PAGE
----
Pearl hunting is the act of recovering pearls from wild mollusks, usually oysters or mussels, in the sea or fresh water. Pearl hunting used to be prevalent in the Persian Gulf region and Japan, but also occurred in other regions.
Before the beginning of the 20th century, the only means of obtaining pearls was by manually gathering very large numbers of pearl oysters or mussels from the ocean floor or lake or river bottom. The bivalves were then brought to the surface, opened, and the tissues searched. More than a ton were searched in order to find at least 3-4 quality pearls.
In order to find enough pearl oysters, free-divers were often forced to descend to depths of over 100 feet on a single breath, exposing them to the dangers of hostile creatures, waves, eye damage, and drowning, often as a result of shallow water blackout on resurfacing. Because of the difficulty of diving and the unpredictable nature of natural pearl growth in pearl oysters, pearls of the time were extremely rare and of varying quality. The Great Depression in the United States made it hard to get good prices for pearl shell. The natural pearls found from harvested oysters were a rare bonus for the divers. Many fabulous specimens were found over the years. By the 1930s, overharvesting had severely depleted the oyster beds. The government[which?] was forced to strictly regulate the harvest to prevent the oysters from becoming extinct, and the Mexican government banned all pearl harvesting from 1942 to 1963.
In Asia, some pearl oysters could be found on shoals at a depth of 5–7 feet (1.325–2 meters) from the surface, but more often divers had to go 40 feet (12 meters) or even up to 125 feet (40 meters) deep to find enough pearl oysters, and these deep dives were extremely hazardous to the divers. In the 19th century, divers in Asia had only very basic forms of technology to aid their survival at such depths. For example, in some areas they greased their bodies to conserve heat, put greased cotton in their ears, wore a tortoise-shell clip to close their nostrils, gripped a large object like a rock to descend without the wasteful effort of swimming down, and had a wide-mouthed basket or net to hold the oysters.
For thousands of years, most seawater pearls were retrieved by divers working in the Indian Ocean, in areas such as the Persian Gulf, the Red Sea, and in the Gulf of Mannar (between Sri Lanka and India). A fragment of Isidore of Charax's Parthian itinerary was preserved in Athenaeus's 3rd-century Sophists at Dinner, recording freediving for pearls around an island in the Persian Gulf.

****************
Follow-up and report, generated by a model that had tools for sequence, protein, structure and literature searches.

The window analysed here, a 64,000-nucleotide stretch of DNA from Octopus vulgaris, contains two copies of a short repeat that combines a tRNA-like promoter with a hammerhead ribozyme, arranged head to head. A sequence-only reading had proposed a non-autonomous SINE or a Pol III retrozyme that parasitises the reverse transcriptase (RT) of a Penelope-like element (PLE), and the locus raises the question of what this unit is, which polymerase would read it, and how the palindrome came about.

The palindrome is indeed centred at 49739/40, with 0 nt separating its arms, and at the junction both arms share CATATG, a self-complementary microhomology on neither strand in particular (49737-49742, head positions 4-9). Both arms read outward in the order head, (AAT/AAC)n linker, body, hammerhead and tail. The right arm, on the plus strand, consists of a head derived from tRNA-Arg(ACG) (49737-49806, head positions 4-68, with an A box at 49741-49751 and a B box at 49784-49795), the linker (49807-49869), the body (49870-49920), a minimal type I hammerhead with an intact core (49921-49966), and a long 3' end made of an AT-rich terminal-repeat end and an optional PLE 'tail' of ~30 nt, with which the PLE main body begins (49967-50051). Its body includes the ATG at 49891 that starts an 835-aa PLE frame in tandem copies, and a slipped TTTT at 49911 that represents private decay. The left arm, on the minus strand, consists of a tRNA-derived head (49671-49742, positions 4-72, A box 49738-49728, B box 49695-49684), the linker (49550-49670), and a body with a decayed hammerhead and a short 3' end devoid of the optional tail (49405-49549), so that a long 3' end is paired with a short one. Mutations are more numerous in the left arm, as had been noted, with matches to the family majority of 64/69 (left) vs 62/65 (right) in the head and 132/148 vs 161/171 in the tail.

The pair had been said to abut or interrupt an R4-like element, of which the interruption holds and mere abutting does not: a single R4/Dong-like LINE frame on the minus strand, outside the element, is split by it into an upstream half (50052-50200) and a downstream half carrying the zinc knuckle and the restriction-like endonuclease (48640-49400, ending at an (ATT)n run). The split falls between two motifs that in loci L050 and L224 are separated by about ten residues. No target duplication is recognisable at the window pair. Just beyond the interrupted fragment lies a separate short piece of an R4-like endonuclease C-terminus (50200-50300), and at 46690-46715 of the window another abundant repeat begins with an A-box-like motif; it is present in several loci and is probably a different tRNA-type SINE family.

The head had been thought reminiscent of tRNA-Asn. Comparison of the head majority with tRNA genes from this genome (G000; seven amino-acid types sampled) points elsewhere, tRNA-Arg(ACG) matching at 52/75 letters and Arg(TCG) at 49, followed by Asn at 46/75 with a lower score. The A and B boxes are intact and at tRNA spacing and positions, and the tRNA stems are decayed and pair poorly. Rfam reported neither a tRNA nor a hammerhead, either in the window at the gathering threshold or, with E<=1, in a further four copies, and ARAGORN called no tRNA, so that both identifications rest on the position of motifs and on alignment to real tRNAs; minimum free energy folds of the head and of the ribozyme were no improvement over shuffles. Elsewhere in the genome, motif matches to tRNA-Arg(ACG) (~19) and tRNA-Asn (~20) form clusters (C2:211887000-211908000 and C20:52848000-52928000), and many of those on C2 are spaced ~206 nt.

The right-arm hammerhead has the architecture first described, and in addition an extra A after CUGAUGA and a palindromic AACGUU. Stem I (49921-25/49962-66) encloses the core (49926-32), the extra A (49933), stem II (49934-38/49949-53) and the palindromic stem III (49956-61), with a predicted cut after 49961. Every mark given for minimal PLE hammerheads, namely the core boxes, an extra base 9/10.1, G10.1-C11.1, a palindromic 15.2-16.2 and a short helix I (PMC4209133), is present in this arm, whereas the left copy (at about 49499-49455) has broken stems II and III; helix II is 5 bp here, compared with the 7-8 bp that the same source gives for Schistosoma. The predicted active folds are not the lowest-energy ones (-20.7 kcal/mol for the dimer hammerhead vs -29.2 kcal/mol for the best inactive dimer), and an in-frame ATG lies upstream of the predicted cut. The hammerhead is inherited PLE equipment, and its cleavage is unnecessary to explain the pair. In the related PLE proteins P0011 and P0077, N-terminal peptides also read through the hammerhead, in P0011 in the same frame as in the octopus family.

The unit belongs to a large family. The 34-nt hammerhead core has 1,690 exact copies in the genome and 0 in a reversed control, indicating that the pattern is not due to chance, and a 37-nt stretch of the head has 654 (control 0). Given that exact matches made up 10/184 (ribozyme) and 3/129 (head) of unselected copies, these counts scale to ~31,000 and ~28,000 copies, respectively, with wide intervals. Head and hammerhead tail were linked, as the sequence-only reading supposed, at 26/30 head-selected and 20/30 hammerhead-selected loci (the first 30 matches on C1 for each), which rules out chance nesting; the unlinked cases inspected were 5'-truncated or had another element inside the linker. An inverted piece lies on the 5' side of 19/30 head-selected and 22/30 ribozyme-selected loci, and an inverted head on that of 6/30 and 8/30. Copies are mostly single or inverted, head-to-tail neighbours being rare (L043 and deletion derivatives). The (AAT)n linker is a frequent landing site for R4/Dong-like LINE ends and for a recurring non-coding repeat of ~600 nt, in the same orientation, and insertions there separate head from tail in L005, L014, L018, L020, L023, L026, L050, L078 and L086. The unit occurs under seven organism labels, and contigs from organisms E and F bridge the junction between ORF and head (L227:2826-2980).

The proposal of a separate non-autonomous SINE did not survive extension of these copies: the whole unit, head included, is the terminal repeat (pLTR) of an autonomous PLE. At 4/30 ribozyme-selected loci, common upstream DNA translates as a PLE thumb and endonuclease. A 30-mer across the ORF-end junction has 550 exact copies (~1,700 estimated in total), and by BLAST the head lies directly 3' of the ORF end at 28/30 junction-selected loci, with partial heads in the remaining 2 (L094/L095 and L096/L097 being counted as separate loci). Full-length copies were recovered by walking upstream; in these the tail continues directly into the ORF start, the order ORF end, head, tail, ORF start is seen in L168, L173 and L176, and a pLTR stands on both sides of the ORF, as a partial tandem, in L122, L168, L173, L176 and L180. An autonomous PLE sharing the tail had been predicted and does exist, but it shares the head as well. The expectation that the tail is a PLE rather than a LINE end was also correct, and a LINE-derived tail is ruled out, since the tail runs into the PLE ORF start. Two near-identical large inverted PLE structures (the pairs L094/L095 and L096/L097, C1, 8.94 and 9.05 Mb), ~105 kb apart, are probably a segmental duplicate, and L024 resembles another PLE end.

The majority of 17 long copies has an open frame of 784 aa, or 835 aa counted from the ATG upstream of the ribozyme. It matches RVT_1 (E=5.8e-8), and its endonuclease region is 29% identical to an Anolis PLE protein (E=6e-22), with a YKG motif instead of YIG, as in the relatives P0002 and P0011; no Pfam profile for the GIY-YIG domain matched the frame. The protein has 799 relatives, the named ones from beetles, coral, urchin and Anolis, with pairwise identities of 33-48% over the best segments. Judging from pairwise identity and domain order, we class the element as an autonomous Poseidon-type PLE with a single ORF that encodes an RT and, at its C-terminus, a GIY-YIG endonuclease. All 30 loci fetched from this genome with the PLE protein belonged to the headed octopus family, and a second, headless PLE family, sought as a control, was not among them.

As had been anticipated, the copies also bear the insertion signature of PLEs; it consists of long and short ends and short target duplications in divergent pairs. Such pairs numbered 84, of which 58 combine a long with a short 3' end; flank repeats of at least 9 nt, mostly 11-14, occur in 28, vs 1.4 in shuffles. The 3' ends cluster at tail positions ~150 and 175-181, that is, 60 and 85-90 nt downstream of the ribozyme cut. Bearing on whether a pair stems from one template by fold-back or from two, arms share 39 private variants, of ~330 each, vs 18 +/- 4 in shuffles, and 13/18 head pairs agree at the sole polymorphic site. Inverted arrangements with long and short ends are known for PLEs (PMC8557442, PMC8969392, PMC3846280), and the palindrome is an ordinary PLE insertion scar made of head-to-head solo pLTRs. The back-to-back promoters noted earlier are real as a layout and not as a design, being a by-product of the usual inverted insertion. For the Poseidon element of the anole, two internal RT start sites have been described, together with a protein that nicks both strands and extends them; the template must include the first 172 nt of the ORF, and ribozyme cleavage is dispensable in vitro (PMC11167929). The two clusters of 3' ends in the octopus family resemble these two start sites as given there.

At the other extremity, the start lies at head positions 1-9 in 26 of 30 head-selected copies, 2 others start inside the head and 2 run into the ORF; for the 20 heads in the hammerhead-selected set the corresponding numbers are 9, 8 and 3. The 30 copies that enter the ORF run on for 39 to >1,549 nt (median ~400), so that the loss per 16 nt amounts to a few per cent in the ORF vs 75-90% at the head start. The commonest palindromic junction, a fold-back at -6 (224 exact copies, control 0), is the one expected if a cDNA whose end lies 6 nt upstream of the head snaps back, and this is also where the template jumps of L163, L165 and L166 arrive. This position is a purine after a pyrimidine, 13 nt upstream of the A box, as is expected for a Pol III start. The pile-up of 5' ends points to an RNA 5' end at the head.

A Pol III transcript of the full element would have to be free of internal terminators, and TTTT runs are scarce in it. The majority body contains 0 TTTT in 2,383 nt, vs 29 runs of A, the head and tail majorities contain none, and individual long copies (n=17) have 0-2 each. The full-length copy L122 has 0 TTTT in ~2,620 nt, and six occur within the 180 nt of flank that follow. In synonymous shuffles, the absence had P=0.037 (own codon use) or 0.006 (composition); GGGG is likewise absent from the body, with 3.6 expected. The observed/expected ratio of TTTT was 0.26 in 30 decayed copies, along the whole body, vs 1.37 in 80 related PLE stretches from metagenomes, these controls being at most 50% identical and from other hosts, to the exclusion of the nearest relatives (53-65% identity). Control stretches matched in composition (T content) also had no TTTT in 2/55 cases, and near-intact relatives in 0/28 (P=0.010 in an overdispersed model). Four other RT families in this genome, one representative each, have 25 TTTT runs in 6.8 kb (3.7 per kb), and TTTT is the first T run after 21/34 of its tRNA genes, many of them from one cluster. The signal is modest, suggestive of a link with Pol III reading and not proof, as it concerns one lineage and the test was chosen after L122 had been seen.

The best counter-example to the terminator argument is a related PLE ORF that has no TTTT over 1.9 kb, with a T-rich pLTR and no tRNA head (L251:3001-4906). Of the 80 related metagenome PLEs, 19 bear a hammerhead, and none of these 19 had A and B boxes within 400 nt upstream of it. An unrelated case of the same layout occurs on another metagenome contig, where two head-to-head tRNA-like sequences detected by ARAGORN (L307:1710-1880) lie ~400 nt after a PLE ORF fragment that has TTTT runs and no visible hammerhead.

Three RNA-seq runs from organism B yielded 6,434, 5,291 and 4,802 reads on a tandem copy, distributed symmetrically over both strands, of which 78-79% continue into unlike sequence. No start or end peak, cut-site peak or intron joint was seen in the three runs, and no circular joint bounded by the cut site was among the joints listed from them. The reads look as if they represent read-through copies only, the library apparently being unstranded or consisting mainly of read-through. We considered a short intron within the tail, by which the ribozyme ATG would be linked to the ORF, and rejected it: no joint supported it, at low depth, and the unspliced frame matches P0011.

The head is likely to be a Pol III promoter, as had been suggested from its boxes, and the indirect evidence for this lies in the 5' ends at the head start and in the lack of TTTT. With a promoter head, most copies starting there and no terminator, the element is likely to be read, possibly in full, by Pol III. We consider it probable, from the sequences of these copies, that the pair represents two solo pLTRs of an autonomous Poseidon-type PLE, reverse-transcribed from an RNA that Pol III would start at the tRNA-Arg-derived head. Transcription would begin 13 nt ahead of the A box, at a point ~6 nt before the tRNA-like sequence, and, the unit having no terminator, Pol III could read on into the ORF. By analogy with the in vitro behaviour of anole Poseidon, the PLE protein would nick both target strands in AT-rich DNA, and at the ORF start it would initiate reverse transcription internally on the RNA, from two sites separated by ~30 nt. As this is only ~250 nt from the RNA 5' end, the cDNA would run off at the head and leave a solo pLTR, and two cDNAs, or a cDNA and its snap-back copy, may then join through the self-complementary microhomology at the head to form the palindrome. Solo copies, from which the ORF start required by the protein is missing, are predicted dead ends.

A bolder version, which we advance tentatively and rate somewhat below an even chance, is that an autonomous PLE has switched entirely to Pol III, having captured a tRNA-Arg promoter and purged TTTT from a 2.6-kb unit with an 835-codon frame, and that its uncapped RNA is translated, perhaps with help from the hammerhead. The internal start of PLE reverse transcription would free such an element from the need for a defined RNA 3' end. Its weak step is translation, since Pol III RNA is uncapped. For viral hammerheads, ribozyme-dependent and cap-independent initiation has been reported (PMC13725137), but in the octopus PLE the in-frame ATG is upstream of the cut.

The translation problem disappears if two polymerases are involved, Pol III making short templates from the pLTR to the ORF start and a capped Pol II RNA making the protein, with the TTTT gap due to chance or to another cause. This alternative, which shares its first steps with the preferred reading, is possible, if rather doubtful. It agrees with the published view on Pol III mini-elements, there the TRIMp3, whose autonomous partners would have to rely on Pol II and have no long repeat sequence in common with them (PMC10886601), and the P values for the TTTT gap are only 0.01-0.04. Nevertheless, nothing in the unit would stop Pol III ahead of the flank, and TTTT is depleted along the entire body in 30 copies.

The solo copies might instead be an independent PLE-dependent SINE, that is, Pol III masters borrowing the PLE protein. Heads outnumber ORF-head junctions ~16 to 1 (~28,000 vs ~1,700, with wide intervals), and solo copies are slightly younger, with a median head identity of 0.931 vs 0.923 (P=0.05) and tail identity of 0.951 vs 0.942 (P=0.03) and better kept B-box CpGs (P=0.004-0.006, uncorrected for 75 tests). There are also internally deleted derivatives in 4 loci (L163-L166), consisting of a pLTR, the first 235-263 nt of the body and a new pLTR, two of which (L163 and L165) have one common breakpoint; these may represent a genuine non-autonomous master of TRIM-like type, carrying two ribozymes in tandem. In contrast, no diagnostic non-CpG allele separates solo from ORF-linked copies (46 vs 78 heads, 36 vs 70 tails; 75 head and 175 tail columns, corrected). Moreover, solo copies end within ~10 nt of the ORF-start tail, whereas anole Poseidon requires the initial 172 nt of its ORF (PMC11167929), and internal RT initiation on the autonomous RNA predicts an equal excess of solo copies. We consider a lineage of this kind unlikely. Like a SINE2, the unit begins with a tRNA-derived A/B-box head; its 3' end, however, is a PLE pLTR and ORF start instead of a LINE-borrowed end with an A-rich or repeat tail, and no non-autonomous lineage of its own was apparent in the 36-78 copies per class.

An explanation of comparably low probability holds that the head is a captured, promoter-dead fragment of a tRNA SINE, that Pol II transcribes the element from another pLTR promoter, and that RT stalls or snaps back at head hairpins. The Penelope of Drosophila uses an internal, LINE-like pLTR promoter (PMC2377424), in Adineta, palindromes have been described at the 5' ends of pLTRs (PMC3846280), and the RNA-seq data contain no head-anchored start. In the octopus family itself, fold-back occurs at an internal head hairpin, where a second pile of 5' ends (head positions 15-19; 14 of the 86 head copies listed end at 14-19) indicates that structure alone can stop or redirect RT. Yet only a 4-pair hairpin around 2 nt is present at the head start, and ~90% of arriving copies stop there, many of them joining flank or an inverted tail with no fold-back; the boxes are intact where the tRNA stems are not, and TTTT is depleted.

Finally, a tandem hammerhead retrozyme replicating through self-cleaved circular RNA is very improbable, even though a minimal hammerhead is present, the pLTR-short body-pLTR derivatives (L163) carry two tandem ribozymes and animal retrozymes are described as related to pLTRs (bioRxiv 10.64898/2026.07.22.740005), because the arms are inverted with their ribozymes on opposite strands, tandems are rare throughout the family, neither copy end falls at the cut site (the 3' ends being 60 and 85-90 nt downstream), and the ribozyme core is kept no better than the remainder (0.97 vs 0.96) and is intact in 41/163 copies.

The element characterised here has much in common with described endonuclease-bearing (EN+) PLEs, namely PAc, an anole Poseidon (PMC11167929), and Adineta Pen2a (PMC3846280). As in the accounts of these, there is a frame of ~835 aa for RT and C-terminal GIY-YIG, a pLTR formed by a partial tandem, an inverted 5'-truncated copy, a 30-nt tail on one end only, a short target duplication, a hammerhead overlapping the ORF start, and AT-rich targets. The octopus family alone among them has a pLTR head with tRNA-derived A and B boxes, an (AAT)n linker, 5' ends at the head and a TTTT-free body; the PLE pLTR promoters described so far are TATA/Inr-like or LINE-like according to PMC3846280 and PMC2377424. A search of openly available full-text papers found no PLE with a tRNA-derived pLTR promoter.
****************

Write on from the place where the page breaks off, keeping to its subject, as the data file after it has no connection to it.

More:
Pearl divers near the Philippines were also successful at harvesting large pearls, especially in the Sulu Archipelago. In fact, pearls from the Sulu Archipelago were considered the "finest of the world" which were found in "high bred" shells in deep, clear, and rapid tidal waters. At times, the largest pearls belonged by law to the sultan, and selling them could result in the death penalty for the seller. Nonetheless many pearls made it out of the archipelago by stealth, ending up in the possession of the wealthiest families in Europe. Pearling was popular in Qatar, Bahrain, Japan, India and some areas in Persian Gulf countries. The Gulf of Mexico was particularly famous for pearling, which was originally found by the Spanish explorers.
In a similar manner as in Asia, Native Americans harvested freshwater pearls from lakes and rivers like the Ohio, Tennessee, and Mississippi, while others successfully retrieved marine pearls from the Caribbean and waters along the coasts of Central and South America.
In the time of colonial slavery in northern South America (off the northern coasts of modern Colombia and Venezuela), a unique occupation amongst slaves was that of a pearl diver. A diver's career was often short-lived because the waters being searched were known to be shark-infested, resulting in frequent attacks on divers. However, a slave who discovered a great pearl could sometimes purchase his freedom.
Pearl hunting in colonial Latin America
During the first half of the sixteenth century, Spaniards discovered the vast and luscious pearl oyster beds that existed on the Caribbean coast of Venezuela, particularly in the vicinity of Margarita Island. Indigenous slavery was easy to establish in this area because it had not yet been outlawed; therefore, indigenous peoples were captured and often forced to work as pearl divers. Since violence could not protect the efficiency of the slave trade, coastal chieftains established a ransoming system known as the "rescate" system.
As this system continued to grow, more and more oyster beds were discovered along the Latin American coast, including near Riohacha on Colombia's Guijara Peninsula. However, due to over-exploitation of both indigenous labor and the oyster beds, the Spanish pearl economy soon plummeted. By 1540, previous Spanish settlements along the coast had been abandoned as the Spanish looked elsewhere for more labor and newer markets. The pearl industry was partially revived in the late sixteenth century when Spaniards replaced indigenous labor with African slave labor.
Oyster harvesting methods remained relatively the same along the coast and varied depending on the divers' conditions, the region's topography, and a Spanish master's work demands.